Phone numbers will continue to be provided free of charge for those lien records that we are able to find a phone number through our search system. Whether there is …
» Continue Reading: Detailed Explanation of Tax Lien “Token” System

Federal Tax Liens Lists: Not Just For Tax Resolution

The average individual (1040) tax debtor for whom a federal tax lien is filed has approximately three years of unfiled tax returns that they will need prepared. As tax return filing season begins, it is a good idea to remind you that tax lien lists can be used to obtain new tax return clients, not just tax debt resolution clients.

By specifically targeting your direct mail marketing in particular to 1040 tax liens in your local area, you can bring in new 1040 return clients without ever even mentioning the tax lien, the tax debt situation, or even the unfiled returns.

The offer of reviewing the previous three years of tax returns has been a very successful marketing tactic for national tax return preparation franchises. When marketing to tax lien lists with a similar offer, you are reaching out to a target market that is more in need of this service than just about anybody else out there. Offering a free review of previous years of tax returns will speak to this market, and you never even have to mention the tax debt situation.

Since you can get market intelligently without mentioning the tax debt, sending postcards to federal tax lien lists of individuals with a tax lien filed against them will not seem unusual or raise any “red flags” in the prospect, since they …
» Continue Reading: Federal Tax Liens Lists: Not Just For Tax Resolution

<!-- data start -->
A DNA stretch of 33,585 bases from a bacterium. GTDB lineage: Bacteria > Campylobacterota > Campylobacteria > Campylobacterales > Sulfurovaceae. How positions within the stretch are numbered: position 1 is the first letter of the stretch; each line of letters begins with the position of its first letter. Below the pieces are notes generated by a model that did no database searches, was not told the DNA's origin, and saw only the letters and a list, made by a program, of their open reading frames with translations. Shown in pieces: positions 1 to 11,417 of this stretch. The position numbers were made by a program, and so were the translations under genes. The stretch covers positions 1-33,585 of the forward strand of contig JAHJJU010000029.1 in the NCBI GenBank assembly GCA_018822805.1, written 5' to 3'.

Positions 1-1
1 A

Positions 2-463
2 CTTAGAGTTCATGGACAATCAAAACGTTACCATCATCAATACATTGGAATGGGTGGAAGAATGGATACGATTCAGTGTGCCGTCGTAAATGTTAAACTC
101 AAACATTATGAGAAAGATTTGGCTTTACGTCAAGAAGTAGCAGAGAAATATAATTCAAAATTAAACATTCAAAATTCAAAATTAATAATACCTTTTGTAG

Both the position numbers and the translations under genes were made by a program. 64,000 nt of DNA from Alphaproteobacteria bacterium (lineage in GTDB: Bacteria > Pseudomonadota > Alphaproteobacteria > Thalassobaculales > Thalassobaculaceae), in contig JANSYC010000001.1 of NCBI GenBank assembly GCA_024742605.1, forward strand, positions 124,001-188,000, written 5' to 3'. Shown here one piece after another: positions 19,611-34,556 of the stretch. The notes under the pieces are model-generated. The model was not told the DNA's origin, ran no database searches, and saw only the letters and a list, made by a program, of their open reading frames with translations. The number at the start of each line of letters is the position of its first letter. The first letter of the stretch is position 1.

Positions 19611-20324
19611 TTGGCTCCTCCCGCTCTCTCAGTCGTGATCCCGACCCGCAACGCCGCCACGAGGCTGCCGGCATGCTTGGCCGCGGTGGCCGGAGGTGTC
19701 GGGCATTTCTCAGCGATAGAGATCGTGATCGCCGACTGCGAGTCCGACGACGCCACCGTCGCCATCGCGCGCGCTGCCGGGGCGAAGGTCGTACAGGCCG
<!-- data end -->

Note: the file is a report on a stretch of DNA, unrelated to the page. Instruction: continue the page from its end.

Site update completed – yay!

The migration of this system to a new server is complete.

The server migration came with a significant number of changes to the code base that the site runs on, which introduced a lot of bugs (mainly login issues).

These bugs have all been squished, and the site has returned to normal operation. If you are still having login issues, please contact support.

There are a number of functionality updates that we will be applying to the site over the next couple weeks. We will do these at night (U.S. time) in order to minimize disruption of service during the business day.

We hope you enjoy the new faster, leaner tax lien system!

Tax lien database migration and server upgrade

On Saturday, Nov. 16, 2013, we will be migrating the tax lien database and this entire web site to a new server.

Due to the sheer size of the database this process may take several hours. During this time, you will not be able to login to your account, download mailing lists, create batches, obtain data counts, or any other functions.

We have chosen to do this on a Saturday so as to hopefully minimize the inconvenience to our customers. Once moved to the upgraded server, the tax lien database system should be significantly faster.

Thank you for your patience while we conduct this upgrade.

Federal tax lien volume picking up

During the federal government shutdown in October, the IRS stopped filing new federal tax liens. That put a major damper on marketing efforts for those of us that rely heavily on tax liens for our marketing.

We’re starting to see lien volume picking up again finally. There was a full two weeks of nothing, then two more weeks of just a trickle. Literally over the course of the past few days, we’re finally starting to see a significant uptick in lien records we’re picking up. We’re still a long ways from the 400+ liens per day above our $5,000 threshold that we’re used to seeing across the country, but it’s back above 200 per day and growing.

This hickup in the flow of lien filing was a good time to remind ourselves about two important marketing rules:

1). Make sure that you’re wringing every ounce of value from your existing lien lists by contacting them multiple times over a lengthier time period.

2). Never rely on a single prospecting method to bring in all your clients.